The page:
Half a century later
Theoretical approaches are important to understanding the problems industrial companies face and form the basis for the development of agile planning systems. But today, 58 years after the development of the dynamic lot-size model, and about 56 years after the definition of the concept of MRP, in times of digitization and individualization, the classic methods have to be modernized. This is nothing new, of course, and the technological progress is also already evident today: Calculations, which would have required two years to complete, can nowadays be solved in a matter of seconds thanks to improved hardware / computer technology. This opens up completely new possibilities in production planning as well. It is now possible to replace classic planning approaches, including their inherent shortcomings like the concept of MRP with its rigid one directional planning, with agile and flexible planning methods. These can take into account all the changing planning conditions and adapt dynamically to bring the planning process closer to reality than ever before. Speed is the key to success – but not at all costs: cost factors are incorporated into comprehensive planning methods and enable compliance of all company goals, which do not list profit as a low priority.
Because tomorrow, today will be yesterday
To plan production solely under the principle of lean management is no longer sufficient with regard to digital conversions and the industry 4.0 revolution. The objective is no longer to just eliminate storage costs by procuring material from specific production needs or to use robots for production operations. Rather, modern enterprises need to integrate and connect all areas in order to achieve maximum transparency, resulting in agile leadership competence. Specifically, this means: equipping the production for “unforeseen” events such as failure of a machine or a major short-notice order, so that the master production schedule can still be realized on time. Decision intelligence on a super-ordinate level starts exactly there and helps make companies sustainable. This way, flexibility and feasibility are no longer lost in the planning process, but remain in an always sufficiently large solution space.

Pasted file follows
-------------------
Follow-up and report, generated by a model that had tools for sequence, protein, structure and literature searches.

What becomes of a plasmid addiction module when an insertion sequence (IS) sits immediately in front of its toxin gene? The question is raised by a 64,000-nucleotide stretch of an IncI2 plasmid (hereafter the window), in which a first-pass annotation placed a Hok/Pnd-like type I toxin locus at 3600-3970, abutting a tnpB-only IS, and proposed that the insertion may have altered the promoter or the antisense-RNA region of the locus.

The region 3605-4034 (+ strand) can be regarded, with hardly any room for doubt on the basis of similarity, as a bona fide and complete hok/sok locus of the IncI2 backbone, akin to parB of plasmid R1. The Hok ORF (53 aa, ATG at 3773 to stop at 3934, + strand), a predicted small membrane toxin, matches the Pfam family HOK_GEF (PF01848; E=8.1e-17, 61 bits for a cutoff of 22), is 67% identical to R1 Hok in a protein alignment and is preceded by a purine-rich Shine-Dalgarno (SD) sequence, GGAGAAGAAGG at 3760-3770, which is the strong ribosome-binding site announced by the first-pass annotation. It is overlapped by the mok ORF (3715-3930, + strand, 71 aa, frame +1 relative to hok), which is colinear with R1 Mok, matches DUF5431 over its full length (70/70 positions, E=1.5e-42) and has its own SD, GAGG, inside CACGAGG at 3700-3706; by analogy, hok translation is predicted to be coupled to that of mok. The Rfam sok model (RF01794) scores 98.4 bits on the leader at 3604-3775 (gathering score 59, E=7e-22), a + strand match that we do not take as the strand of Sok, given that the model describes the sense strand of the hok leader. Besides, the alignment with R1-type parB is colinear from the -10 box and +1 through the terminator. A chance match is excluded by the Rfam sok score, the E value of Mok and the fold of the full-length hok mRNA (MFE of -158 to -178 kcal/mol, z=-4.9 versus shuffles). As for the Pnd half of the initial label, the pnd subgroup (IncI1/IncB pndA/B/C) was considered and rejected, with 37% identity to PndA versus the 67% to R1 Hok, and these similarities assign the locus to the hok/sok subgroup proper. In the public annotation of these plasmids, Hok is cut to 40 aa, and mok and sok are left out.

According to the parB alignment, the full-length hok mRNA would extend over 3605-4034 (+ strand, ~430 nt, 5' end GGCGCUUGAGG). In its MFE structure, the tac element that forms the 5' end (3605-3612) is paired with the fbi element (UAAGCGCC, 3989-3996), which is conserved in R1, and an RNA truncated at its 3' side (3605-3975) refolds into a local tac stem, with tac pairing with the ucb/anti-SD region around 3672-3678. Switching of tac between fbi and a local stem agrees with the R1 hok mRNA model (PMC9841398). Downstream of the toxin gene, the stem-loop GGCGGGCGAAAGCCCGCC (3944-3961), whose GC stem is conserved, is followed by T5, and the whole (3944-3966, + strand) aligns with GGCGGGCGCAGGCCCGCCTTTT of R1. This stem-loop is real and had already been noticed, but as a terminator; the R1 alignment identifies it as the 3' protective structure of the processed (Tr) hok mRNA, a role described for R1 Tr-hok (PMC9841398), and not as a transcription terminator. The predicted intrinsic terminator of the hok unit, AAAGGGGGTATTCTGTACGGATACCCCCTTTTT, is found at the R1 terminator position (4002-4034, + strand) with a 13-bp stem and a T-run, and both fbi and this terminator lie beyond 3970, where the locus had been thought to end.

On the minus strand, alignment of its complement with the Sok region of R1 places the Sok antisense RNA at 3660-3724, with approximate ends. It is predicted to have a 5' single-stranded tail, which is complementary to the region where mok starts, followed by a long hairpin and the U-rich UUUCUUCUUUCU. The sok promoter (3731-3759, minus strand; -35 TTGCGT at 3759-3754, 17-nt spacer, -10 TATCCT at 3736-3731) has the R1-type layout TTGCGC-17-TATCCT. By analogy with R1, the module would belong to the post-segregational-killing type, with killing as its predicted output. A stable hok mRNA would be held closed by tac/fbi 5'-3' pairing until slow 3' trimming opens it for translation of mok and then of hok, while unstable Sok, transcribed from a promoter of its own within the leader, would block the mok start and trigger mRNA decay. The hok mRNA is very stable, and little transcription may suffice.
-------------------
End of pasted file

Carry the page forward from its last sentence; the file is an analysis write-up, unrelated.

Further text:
Learning from history is also possible for the optimization of production because we can build on the theoretical approaches that Wagner and Within once developed. To be satisfied with classic action methods and only rely on step by step planning approaches, will ultimately result in a loss of competitiveness for a company. The solution is an intelligent optimization of the supply chain and production planning with the help of modern and fast algorithms. This way, you do not have to empty your warehouse to produce efficiently, but you can optimize your stock economically and produce on time and satisfy your customers.
This article was originally written by Ludger Schuh in German and was published on the BVL blog (National Logistics Association – Germany). It was was translated by the Inventory and Supply Chain Blog Team. The original article can be read here. Some sources used in the article are in German.